Breast milk is produced naturally by women and provides basic nutrition for a baby during the first several months of life. Breast milk has three different and distinct stages: colostrum, transitional milk, and mature milk. Visit with a Lactation Consultant to learn more about breastfeeding and breast milk.
An Overview of Breastfeeding
Colostrum is the first stage of breast milk. It occurs during pregnancy and lasts for several days after the birth of the baby. It is either yellowish or creamy in color. It is also much thicker than the milk that is produced later in breastfeeding.
Colostrum is high in protein, fat-soluble vitamins, minerals, and immunoglobulins. Immunoglobulins are antibodies that pass from the mother to the baby and provide passive immunity for the baby. Passive immunity protects the baby from a wide variety of bacterial and viral illnesses. Two to four days after birth, colostrum will be replaced by transitional milk.
Transitional milk occurs after colostrum and lasts for approximately two weeks. The content of transitional milk includes high levels of fat, lactose, and water-soluble vitamins. It contains more calories than colostrum.
Mature milk is the final milk that is produced. 90% of it is water, which is necessary to keep the infant hydrated. The other 10% is comprised of carbohydrates, proteins, and fats which are necessary for both growth and energy.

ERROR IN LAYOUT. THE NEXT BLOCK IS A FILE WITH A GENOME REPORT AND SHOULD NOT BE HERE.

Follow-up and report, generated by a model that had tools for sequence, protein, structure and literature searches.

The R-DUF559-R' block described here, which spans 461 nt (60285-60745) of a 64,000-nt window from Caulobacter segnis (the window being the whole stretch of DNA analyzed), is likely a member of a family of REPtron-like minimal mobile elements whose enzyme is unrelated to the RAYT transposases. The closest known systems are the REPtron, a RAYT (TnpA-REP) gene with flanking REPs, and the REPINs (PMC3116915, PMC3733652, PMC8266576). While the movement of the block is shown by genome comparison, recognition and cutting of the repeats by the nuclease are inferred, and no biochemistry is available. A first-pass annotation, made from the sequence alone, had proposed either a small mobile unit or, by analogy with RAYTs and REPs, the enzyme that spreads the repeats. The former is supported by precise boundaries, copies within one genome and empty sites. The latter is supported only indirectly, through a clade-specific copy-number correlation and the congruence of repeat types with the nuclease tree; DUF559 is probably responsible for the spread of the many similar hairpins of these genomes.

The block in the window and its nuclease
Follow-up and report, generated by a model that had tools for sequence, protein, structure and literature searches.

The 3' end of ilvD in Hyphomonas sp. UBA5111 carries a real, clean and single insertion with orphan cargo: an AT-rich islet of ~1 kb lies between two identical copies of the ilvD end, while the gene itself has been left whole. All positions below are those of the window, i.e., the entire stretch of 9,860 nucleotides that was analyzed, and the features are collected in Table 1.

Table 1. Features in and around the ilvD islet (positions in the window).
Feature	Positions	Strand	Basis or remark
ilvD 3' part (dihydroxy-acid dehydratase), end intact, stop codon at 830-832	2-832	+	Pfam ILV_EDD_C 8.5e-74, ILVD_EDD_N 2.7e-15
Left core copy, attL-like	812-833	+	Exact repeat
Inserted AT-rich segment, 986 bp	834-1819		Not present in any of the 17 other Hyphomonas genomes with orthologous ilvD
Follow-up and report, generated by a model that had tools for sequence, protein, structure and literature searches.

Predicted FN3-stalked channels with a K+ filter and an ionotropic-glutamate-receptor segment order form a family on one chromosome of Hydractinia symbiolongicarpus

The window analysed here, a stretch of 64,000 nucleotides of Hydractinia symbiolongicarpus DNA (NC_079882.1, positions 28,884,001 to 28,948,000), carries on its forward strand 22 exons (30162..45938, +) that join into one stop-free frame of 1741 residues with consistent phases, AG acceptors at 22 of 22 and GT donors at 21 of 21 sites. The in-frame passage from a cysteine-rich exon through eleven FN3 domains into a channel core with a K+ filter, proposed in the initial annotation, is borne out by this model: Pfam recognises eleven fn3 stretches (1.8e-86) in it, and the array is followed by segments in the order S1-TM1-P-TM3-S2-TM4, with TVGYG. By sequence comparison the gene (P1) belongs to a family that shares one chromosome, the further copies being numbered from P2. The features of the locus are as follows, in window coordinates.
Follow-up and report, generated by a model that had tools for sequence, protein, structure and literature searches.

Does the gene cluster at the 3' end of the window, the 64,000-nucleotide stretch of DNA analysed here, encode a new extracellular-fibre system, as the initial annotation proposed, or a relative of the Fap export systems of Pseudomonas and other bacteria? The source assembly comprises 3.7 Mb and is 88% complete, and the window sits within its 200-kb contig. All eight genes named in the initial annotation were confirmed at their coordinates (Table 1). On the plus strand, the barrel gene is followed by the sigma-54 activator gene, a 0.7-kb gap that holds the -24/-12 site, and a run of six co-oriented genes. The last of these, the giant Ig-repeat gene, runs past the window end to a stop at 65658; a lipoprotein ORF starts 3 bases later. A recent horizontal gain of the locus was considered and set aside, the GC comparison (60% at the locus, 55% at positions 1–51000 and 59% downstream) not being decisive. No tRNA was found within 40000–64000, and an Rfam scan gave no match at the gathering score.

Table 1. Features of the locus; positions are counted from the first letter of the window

There are two types of mature milk:
Fore-milk: This type of milk is found during the beginning of the feeding and contains water, vitamins, and protein.
Hind-milk: This type of milk occurs after the initial release of milk. It contains higher levels of fat and is necessary for weight gain.
Both fore-milk and hind-milk are necessary when breastfeeding to ensure the baby is receiving adequate nutrition to grow and develop properly. You might also be interested in taking a comprehensive breastfeeding supplement to help deliver vitamins, minerals, and nutrients that are important for healthy and plentiful breast milk production.
Compiled using information from the following sources:
1. Olds, London, and Ladewig’s Maternal Newborn Nursing
Melloni’s Illustrated Dictionary of Obstetrics and Gynecology